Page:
Return on Investment (Summer 2009 Trust Magazine)

Source Organization: The Pew Charitable Trusts

08/12/2009 - Pew’s program investments seek to improve policy, inform the public and stimulate civic life through operating projects, which are managed by Pew staff; donor partnerships, which allow us to work closely with individuals or foundations and achieve shared purposes; and targeted grant-making. The results of some recent work are highlighted here. Click on the links to learn more.

The North Pacific Fisheries Management Council votes to prevent the expansion of industrial fishing into all U.S. waters north of the Bering Strait for the foreseeable future.

In an early victory for the Pew Environment Group’s new Arctic program, nearly 200,000 square miles of U.S. Arctic waters will be closed to industrial fishing to limit stress on ocean ecosystems in light of the dramatic effects of global climate change in the Arctic.

With no large-scale commercial fishing in that part of the world at present, this decision establishes one of the largest preventive and precautionary measures in fisheries management history.

The Pew Environment Group is partnering with the Ocean Conservancy, Oceana, scientists and Native American and community leaders to spotlight how this protection can serve as a model for national and international management of the region and to urge the Obama administration to support this decision and act in a similar manner on other Arctic issues.

Informed by the Pew Environment Group’s Campaign to End Overfishing in the Southeast, including new data showing that the number of red snapper has declined 97.6 percent since 1945, the South Atlantic Fishery Management Council votes to halt red snapper fishing for six months, with an optional six-month extension, in the Atlantic from North Carolina to Florida.

The ban is intended to protect red snapper in the short term while fishery managers develop science-based, long-term solutions to end overfishing and restore a healthy population.

Culling whales will not increase fisheries catches in tropical waters, according to a new study supported by the Lenfest Ocean Program and published in the journal Science. For years, Japan has argued that reducing the number of baleen whales in the oceans would improve fisheries because whales eat fish that are caught for human consumption. The report finds that even a complete eradication of whales in tropical waters would not lead to any significant increase in fish populations.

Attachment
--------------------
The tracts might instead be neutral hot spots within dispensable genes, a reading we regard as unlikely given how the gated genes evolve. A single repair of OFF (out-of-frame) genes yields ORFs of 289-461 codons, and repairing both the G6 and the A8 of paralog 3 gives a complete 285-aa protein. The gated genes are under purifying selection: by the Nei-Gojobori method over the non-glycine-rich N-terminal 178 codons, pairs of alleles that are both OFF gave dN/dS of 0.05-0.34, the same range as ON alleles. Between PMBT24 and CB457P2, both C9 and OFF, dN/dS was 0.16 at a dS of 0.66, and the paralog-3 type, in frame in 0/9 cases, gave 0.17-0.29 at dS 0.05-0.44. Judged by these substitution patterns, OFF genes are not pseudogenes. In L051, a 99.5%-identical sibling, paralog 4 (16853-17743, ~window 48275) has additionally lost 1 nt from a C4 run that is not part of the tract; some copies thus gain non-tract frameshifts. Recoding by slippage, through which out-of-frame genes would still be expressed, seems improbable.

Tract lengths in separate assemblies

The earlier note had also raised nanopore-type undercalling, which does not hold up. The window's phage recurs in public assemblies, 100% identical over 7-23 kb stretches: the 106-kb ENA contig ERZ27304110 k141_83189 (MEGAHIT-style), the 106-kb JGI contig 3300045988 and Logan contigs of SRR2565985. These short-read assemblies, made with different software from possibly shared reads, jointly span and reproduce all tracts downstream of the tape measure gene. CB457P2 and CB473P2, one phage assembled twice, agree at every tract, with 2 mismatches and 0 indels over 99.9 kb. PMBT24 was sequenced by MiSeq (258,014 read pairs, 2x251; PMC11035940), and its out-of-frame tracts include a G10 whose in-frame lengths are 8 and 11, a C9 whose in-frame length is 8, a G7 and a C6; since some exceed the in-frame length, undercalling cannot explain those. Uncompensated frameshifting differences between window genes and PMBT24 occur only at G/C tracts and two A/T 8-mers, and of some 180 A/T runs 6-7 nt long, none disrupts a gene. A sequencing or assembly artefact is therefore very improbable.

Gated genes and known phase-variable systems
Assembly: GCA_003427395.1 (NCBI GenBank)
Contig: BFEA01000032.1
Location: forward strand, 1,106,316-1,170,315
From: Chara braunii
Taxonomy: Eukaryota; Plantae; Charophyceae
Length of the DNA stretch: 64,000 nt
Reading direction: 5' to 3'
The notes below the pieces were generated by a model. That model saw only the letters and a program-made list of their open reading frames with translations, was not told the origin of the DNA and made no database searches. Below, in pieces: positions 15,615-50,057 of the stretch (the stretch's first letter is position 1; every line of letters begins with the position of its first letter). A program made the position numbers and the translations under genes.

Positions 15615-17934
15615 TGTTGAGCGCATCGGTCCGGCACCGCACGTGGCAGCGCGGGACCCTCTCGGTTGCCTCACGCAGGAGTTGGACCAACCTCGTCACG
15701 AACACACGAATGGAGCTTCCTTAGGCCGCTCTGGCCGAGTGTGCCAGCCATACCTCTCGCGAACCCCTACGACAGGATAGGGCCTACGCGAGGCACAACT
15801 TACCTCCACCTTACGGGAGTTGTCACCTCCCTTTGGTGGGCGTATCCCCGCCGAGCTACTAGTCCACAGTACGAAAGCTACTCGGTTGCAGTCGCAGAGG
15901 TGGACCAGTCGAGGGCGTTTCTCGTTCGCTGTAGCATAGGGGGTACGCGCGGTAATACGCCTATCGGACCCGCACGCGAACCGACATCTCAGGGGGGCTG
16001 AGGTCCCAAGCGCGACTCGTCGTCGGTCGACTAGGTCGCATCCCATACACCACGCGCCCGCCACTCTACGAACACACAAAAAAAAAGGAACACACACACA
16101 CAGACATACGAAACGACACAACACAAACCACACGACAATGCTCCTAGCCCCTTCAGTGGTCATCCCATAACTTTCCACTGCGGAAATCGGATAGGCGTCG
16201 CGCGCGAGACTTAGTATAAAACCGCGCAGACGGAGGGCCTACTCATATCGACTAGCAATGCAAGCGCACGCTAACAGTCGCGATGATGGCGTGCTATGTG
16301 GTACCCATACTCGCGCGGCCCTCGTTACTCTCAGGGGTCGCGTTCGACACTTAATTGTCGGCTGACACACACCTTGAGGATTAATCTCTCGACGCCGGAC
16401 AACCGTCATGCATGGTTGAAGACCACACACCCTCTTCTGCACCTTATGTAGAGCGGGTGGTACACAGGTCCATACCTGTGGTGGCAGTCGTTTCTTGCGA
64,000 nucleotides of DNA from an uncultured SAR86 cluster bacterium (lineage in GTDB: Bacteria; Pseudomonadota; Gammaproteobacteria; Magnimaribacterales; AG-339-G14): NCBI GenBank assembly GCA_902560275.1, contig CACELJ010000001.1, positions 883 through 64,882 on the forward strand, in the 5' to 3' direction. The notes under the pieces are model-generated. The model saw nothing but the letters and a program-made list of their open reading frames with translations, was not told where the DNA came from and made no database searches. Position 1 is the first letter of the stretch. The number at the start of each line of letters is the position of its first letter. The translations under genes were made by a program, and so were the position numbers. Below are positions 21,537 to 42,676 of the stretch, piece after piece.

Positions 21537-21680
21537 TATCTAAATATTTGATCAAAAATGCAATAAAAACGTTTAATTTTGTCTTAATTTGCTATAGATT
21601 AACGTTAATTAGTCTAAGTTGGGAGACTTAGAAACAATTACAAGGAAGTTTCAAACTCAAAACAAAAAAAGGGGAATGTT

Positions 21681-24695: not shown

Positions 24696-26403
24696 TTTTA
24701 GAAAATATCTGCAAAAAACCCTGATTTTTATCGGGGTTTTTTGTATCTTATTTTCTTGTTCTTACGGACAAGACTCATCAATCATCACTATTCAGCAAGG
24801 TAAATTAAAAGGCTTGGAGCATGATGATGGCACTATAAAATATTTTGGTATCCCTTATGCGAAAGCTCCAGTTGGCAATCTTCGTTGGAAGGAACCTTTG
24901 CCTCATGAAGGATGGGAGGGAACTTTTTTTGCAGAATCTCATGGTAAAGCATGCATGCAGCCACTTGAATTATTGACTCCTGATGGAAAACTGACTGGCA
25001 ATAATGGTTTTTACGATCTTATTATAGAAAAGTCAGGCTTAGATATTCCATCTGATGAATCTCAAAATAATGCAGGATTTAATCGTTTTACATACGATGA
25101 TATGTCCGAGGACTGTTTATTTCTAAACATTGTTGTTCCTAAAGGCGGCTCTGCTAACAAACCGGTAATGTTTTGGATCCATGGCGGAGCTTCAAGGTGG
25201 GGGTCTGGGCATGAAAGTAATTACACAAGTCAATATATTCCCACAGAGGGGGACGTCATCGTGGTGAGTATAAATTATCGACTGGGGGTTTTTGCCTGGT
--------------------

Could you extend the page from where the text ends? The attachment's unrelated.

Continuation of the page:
For their analysis, the authors construct ecosystem models that account for feeding interactions between whales and fish to understand the role that baleen whales play in tropical marine ecosystems in Western Africa and the Caribbean, where they are known to breed. The scientists use global and regional data, validated through scientific workshops in Senegal and Barbados, to determine whether competition is occurring.

The Pew-initiated Shark Alliance achieves a longstanding campaign objective when the European Commission releases its first-ever Plan of Action for the Conservation of Sharks.

The plan, which sets the stage for sweeping reforms in European Union shark fishing and protection policies, aims to improve information about shark fisheries, end overfishing of this animal, focus more closely on threatened species and close loopholes in the EU’s ban on shark finning (the wasteful practice of slicing off the fins and discarding the body at sea). The plan includes actions at the national, EU and international levels.

President Obama signs the Omnibus Public Lands Management Act of 2009, resulting in the largest expansion of U.S. wilderness in 15 years. The measure adds 2.1 million acres of publicly owned land in nine states to the National Wilderness Preservation System, protects more than 1,000 miles of rivers as “wild and scenic,” establishes a 26-million-acre National Landscape Conservation System and creates 10 new National Heritage Areas.